Social Security Cost Of Living Adjustment (COLA) Announced For 2022

Benjamin Haas |

A lot of uncertainties are still unfolding in 2021 but one that is certain for 2022 are Social Security benefits and the cost-of-living adjustment (COLA) for them. The Social Security Administration announced this week that benefits will get a 5.9% increase. To give some context, an individual currently collecting $1,500/month can expect roughly a $90/month “raise” in the New Year.

The big question is: how does this COLA compare to the past? As financial planners, we project an average increase for Social Security of 1.5% each year. Over the last 10 years it has averaged 1.6%, so 2022’s increase will be an outlier when looking at historical data. Why is that? A lot of it has to do with the big buzzword hitting headlines: inflation. 2022’s COLA will be the highest increase since 1982 and people have been raising their concern that it is a direct reflection of Social Security’s inability to keep up with everyday expenses. Food prices are up 4% year over year and medical costs close to 5%. Those on a fixed income will need to continue to rely on their savings more and more to fill these increasing gaps.

The bigger questions continue to be around the future solvency of Social Security, and strategies if one is not yet collecting. Here are a few additional thoughts:

  • If you’re not collecting, it still “pays to wait” because there are still credits (annual increases) to the tune of ~8%, no matter what the COLA is for 2022. One can collect as early as age 62 and as late as age 70, ranging from 70% of your full retirement age benefit to as high as 132% if you wait until age 70. Hence, each year you wait is roughly an 8% increase, regardless of the COLA. The two are different, but often confused for each other.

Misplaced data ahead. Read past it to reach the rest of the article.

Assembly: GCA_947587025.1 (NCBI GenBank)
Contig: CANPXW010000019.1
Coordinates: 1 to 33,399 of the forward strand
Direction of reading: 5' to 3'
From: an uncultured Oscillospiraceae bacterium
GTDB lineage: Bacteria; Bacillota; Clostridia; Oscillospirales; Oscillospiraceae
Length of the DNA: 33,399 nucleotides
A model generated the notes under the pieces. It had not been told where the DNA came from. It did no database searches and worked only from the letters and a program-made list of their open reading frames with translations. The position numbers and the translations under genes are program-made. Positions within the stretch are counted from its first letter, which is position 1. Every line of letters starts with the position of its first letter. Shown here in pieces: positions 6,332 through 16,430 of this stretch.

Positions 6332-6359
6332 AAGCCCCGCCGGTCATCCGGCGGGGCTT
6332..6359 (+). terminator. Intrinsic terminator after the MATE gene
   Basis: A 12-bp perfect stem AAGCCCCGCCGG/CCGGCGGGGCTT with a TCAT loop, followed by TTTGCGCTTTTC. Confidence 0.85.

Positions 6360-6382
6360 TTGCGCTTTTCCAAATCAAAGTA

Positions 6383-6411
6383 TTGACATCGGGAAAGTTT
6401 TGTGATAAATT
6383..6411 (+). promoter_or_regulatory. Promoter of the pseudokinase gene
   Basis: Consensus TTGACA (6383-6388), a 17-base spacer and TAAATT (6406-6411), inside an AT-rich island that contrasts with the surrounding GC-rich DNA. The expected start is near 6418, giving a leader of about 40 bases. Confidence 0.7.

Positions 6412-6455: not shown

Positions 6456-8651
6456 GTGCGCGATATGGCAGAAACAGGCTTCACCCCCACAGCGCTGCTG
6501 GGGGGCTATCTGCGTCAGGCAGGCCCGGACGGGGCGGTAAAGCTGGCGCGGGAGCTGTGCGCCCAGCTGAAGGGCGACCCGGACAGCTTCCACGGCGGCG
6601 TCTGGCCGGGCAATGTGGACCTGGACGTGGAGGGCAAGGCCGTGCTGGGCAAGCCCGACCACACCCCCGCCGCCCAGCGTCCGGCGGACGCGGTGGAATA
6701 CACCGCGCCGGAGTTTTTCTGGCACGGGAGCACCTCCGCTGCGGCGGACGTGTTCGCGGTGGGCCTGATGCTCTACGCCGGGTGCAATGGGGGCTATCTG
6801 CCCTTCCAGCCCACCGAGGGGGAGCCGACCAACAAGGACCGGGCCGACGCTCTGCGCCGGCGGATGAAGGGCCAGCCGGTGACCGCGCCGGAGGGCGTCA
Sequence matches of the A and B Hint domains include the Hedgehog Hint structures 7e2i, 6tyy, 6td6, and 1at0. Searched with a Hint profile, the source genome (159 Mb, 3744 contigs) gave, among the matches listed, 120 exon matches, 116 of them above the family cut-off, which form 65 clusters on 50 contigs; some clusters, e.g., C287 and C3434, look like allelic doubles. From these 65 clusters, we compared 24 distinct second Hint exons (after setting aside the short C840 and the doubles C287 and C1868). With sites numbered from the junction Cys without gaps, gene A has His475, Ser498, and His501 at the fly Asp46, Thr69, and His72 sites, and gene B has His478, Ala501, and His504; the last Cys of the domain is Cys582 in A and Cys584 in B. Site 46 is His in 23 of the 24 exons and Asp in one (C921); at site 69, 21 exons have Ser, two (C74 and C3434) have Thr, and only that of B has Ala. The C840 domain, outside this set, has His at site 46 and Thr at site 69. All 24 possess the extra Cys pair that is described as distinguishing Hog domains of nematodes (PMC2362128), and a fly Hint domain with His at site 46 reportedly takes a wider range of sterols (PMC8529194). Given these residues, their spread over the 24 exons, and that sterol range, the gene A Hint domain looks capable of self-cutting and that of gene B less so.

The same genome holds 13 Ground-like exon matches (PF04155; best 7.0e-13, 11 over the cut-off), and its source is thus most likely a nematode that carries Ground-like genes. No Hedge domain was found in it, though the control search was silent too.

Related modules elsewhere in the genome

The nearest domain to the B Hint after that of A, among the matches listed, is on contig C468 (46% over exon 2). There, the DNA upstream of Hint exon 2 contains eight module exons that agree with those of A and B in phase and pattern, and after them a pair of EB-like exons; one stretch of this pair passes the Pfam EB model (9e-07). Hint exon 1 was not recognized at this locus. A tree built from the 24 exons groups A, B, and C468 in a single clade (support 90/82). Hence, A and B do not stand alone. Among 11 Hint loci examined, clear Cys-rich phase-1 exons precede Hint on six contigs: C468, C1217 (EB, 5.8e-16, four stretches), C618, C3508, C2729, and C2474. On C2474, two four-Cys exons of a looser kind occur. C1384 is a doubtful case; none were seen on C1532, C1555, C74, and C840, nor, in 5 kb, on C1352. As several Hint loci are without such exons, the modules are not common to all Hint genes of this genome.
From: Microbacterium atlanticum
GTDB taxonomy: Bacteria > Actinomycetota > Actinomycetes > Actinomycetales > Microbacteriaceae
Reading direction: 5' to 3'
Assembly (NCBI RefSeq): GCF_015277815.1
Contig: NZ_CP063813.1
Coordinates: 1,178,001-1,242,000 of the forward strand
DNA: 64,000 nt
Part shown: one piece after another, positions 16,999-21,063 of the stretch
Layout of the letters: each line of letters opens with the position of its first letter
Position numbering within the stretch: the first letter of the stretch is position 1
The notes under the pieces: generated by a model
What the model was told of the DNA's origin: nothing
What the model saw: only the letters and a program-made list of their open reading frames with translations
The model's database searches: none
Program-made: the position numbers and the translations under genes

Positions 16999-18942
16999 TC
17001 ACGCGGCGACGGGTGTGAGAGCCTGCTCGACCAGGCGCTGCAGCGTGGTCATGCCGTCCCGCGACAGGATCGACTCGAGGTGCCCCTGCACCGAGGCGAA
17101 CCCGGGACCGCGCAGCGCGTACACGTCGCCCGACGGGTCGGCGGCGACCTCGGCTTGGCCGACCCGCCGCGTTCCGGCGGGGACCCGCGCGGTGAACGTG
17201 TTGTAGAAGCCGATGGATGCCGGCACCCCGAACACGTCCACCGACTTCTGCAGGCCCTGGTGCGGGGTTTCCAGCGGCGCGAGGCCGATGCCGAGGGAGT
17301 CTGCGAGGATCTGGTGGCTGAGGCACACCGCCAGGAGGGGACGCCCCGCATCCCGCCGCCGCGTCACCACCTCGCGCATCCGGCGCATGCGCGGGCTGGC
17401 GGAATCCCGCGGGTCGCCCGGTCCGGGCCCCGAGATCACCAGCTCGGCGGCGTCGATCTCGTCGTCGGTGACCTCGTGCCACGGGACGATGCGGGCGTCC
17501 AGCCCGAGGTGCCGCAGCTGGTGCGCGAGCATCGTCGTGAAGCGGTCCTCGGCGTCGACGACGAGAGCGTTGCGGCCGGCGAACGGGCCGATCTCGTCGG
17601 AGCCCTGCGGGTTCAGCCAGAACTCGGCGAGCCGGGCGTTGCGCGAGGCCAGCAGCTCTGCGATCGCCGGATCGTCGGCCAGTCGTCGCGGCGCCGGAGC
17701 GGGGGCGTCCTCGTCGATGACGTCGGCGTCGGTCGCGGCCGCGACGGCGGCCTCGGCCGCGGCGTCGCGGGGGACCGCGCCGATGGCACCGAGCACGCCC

• We are often asked if our country’s debt will mean Social Security will sooner or later fold. Social Security is funded by payroll taxes. So, while solvency continues to be the long-term question, it goes back to the number of workers paying into the system vs. the number of retirees collecting. Solvency is more about demographics than our country’s debt.  There are only 2.7 workers for each beneficiary right now. For context it was 8.6 to 1 in 1955, when those starting to collect today were born.
  • The Board of Trustees have been talking about insolvency for years, which some say will be 2037. More pessimistic projections show it could be sooner especially if there are changes to payroll taxes and higher than projected unemployment numbers. The reality is our government will most likely need to make amendments to the full retirement age and taxes with a greater impact on future generations.

Social Security decisions are incredibly important and can often be complicated. If you’re already collecting, the news this week is a welcome increase to your benefits starting in 2022. If you’re not yet collecting, we’d be more than happy to be a resource for you before you make that significant decision.


The opinions voiced are for general information only and are not intended to provide specific advice or recommendations for any individual.

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